U.S. to Compensate Families of Killed Hostages

The United States will compensate the families of two Al-Qaeda hostages killed in an operation near the Afghan-Pakistan border.

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Ben Ariel,

Warren Weinstein
Warren Weinstein
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The White House on Thursday said the United States would compensate the families of a Jewish-American and Italian hostage killed in a counterterrorism operation near the Afghan-Pakistan border.

"Compensation will be provided to both families," White House spokesman Josh Earnest said, according to AFP, adding that the final details had yet to be agreed.

Earlier on Thursday it was revealed that Dr. Warren Weinstein, an American held by Al-Qaeda since 2011, and Giovanni Lo Porto, an Italian national who had been held hostage since 2012, were killed in an American operation in January.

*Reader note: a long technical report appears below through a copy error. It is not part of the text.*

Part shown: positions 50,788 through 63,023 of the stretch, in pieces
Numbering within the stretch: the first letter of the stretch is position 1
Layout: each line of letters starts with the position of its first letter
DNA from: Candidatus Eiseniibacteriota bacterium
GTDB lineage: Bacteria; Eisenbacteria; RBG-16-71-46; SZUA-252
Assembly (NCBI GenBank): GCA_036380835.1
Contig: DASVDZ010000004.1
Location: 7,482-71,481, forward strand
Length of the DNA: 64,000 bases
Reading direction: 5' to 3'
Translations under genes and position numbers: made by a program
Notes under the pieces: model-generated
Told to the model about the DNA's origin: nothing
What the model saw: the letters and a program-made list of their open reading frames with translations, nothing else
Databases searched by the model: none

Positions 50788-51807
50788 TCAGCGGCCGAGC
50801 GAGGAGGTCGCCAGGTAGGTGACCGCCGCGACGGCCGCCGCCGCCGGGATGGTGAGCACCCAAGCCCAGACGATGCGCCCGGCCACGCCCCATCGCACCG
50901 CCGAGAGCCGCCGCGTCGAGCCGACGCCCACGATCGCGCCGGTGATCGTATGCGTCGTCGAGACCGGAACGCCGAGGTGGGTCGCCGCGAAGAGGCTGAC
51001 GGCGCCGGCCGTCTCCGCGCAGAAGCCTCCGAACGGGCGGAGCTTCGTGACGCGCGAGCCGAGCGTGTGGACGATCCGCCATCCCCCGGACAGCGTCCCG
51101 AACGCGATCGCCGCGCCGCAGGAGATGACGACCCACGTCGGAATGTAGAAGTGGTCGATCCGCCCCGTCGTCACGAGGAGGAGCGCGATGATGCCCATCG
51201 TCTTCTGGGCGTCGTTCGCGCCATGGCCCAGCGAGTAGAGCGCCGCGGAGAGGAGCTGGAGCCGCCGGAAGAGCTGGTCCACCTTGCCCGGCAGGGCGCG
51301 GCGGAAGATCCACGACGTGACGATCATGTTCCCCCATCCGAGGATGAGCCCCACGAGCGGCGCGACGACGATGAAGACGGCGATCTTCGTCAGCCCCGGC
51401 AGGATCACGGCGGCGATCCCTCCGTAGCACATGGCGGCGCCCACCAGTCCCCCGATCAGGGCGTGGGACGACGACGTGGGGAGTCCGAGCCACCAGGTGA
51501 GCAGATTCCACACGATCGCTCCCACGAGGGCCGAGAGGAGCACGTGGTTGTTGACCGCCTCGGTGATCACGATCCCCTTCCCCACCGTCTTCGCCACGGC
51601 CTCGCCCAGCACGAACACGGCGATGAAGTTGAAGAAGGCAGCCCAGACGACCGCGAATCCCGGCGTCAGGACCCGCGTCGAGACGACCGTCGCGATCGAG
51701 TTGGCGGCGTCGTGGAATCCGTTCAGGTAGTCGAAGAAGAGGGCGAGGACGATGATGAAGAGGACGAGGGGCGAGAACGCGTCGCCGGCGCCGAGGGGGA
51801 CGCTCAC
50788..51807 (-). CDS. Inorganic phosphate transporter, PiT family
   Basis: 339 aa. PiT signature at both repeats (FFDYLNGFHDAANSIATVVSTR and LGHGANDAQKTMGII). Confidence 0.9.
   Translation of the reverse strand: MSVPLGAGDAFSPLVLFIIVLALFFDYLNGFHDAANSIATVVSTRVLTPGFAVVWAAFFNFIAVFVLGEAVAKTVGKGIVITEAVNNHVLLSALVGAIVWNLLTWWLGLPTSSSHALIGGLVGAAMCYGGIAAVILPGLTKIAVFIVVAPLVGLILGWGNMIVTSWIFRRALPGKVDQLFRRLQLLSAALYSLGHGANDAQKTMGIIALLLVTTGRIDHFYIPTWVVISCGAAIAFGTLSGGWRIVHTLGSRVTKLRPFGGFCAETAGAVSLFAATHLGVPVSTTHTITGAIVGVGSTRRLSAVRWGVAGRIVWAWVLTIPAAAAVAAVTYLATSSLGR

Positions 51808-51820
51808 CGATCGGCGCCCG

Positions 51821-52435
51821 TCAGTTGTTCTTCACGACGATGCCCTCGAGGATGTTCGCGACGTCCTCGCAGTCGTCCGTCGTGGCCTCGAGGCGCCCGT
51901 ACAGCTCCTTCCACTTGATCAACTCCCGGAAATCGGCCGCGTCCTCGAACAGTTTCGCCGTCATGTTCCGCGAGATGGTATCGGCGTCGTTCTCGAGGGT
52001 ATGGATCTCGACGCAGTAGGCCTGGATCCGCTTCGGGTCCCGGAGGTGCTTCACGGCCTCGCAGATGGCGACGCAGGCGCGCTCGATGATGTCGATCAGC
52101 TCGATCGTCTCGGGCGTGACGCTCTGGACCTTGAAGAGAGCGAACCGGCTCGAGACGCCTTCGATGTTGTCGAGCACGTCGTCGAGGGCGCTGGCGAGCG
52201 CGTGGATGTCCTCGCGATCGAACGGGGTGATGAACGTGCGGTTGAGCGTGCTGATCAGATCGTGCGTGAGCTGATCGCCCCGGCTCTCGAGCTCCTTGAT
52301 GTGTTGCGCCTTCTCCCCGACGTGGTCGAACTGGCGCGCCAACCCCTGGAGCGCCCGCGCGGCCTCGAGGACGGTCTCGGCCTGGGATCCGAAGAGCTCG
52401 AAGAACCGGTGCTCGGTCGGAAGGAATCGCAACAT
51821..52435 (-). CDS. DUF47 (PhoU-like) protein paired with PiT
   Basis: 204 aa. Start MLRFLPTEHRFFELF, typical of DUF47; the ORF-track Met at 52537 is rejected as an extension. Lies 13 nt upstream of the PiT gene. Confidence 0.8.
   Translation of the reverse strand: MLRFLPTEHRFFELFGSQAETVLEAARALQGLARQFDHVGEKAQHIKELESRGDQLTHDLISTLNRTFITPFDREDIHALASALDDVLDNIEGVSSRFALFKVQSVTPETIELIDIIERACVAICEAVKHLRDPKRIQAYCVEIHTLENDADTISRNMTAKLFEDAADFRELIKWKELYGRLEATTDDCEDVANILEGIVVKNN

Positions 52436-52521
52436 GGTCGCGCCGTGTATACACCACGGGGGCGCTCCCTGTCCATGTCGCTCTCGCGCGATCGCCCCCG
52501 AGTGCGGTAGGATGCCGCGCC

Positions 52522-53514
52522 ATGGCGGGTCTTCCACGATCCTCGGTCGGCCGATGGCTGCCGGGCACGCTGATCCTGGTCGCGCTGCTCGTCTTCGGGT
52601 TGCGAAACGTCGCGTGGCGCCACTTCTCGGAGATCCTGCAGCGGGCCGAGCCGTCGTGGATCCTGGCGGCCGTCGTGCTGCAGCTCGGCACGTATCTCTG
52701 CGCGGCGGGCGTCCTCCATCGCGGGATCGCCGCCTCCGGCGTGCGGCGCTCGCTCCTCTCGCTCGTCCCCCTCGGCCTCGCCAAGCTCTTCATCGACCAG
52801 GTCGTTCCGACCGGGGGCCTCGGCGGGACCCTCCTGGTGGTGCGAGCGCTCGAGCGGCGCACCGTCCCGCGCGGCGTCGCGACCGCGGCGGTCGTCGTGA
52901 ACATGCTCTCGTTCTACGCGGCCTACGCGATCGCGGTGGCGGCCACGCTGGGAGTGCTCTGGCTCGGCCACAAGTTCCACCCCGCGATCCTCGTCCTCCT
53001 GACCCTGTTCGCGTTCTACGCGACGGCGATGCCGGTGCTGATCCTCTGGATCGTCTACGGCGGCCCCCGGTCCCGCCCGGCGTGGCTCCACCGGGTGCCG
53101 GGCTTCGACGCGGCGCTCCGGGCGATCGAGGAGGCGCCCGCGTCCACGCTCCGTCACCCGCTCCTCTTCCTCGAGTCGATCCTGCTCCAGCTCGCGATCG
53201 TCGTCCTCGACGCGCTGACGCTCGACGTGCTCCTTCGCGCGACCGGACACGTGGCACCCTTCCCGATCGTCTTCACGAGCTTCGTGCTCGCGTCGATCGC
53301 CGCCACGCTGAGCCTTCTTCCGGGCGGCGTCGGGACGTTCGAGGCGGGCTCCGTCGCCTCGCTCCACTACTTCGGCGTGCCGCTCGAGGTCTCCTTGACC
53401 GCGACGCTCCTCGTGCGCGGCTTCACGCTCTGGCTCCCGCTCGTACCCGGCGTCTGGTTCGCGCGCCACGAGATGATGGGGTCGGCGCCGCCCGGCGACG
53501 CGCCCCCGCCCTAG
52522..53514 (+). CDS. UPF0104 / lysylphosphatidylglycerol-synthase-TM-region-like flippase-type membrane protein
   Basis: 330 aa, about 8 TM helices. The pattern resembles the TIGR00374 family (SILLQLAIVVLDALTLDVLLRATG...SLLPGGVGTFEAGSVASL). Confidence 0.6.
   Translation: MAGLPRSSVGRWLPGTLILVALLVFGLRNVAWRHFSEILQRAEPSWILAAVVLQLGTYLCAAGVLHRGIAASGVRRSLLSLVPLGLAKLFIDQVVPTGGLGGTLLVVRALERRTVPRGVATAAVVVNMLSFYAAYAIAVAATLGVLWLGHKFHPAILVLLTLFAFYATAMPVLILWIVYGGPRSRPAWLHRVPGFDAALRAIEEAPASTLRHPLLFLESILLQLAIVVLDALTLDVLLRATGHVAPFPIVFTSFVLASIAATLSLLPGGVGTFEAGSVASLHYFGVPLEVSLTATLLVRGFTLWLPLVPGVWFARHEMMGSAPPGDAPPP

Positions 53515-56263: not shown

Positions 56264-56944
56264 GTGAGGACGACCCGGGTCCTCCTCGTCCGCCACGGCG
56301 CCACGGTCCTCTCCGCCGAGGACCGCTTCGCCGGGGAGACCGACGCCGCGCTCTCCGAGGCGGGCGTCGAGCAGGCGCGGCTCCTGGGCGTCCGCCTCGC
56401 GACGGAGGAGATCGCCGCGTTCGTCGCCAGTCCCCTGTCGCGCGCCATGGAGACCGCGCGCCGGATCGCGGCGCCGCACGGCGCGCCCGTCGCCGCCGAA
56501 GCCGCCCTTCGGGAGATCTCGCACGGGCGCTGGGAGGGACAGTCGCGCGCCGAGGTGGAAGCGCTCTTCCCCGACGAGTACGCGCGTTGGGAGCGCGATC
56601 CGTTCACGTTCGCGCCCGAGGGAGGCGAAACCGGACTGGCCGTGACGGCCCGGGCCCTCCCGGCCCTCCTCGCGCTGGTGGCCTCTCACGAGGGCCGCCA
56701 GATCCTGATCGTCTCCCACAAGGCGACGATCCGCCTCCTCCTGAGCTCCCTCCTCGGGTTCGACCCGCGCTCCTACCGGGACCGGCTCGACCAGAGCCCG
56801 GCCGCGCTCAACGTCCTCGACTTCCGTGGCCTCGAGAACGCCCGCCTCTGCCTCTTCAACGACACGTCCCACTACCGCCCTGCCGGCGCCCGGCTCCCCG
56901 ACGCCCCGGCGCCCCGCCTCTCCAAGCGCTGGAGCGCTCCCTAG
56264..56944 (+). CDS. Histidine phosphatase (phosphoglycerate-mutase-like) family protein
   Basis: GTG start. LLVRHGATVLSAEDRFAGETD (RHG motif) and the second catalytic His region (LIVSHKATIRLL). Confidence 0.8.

President Barack Obama said he takes “full responsibility” for the incident.

"I want to express our grief and condolences for the families of two hostages," Obama said from the White House briefing room.

"Since 9/11, our counterterrorism efforts have prevented terrorism attacks and saved innocent lives, both here in America and around the world, and that determination to protect innocent life only makes the loss of these two men especially painful for all of us," he added.

In a video released by Al-Qaeda in 2012, Weinstein, a former peace corps official abducted from his home in Lahore, Pakistan, pleaded with President Obama to comply with the terrorists’ demands.

“My life is in your hands, Mr. President,” he said. “If you accept the demands, I live. If you don’t accept the demands, then I die.”

“I've done a lot of service for my country, and I would hope that my country will now look after me and take care of me and meet the demands of the mujahedeen,” he added.